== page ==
The U.S. Capitol Police top commander said Wednesday that more bodies are needed in the legislative building to address “intelligence gaps” and the increased threat security officials face in 2021.
“212 new sworn officers as well as 47 new civilian positions, that would fill some of those things that you mentioned in terms of intelligence gaps technology capabilities,” Acting Capitol Police Chief Yogananda Pittman told members of Congress Wednesday.
During testimony in front of the Senate Appropriations subcommittee, Pittman said threats against members of Congress had skyrocketed in the first four months of 2021, with a near 65% increase from last year.
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And over the last four years, threats facing lawmakers have more than doubled with a 118% increase from 2017 — with the majority of threat-makers residing outside the National Capital Region (NRC).
Pittman’s testimony Wednesday, signifies that threats against the Capitol remain significant, previously testifying with the House Appropriations subcommittee in March, that threats against lawmakers were up by over 93% in the first two months of the year.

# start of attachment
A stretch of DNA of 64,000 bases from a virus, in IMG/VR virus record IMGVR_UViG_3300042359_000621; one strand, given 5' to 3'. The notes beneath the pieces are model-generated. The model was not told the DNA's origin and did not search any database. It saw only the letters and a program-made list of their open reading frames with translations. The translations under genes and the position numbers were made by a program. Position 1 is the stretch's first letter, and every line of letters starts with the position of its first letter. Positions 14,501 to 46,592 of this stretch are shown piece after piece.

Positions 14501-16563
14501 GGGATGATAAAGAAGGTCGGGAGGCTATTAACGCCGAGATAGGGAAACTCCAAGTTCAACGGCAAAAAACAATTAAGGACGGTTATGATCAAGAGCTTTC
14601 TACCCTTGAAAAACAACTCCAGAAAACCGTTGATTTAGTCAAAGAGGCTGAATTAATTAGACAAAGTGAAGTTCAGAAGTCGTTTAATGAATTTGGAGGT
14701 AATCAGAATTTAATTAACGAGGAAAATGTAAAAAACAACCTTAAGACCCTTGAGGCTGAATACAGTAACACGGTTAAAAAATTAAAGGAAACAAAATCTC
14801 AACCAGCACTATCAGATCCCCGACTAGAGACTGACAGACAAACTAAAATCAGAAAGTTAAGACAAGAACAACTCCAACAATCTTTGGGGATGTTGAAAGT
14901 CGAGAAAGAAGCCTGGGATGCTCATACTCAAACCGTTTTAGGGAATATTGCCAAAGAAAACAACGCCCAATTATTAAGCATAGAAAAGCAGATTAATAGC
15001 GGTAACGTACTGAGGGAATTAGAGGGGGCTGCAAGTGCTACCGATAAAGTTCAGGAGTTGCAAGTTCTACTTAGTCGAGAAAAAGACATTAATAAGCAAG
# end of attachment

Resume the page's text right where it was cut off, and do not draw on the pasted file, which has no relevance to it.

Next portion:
“The number of agents required to provide an appropriate level of analysis, protection and enforcement necessitates a significant increase in personnel based on the threats trends year-over-year,” she said in a statement to lawmakers.
Pittman’s testimony highlighted that threats against lawmakers are not the only security issue the Capitol Police face. Four officers have died this year following attacks at the top legislative building.
Brian Sicknick died after being assualted by rioters who attacked the Capitol on Jan. 6, though a medical examiner report released earlier this week shows he died of natural causes, suffering from a series of strokes.
Two officers who were at the Jan. 6 attack died by suicide following the attack.
Police officers gather near a car that crashed into a barrier on Capitol Hill in Washington, Friday, April 2, 2021. (AP Photo/J. Scott Applewhite)
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A fourth officer, William Evans, was then killed after being struck by a vehicle that slammed into a security barrier on April 2.
“On the Capitol Complex, the level of existential threats to the U.S. Capitol and grounds are increasing,” Pittman said, adding that the threat of these types of attacks remain a “very real and present danger.”
The acting chief of police told lawmakers that there needs to be a significant investment in the training, tools and information gathering police officers need in order to adequately confront the rising challenges.
She also noted that in order to end their reliance on outside forces, the Capitol Police need a “dedicated standby ready force” of 80 officers to be ready at the Capitol around the clock.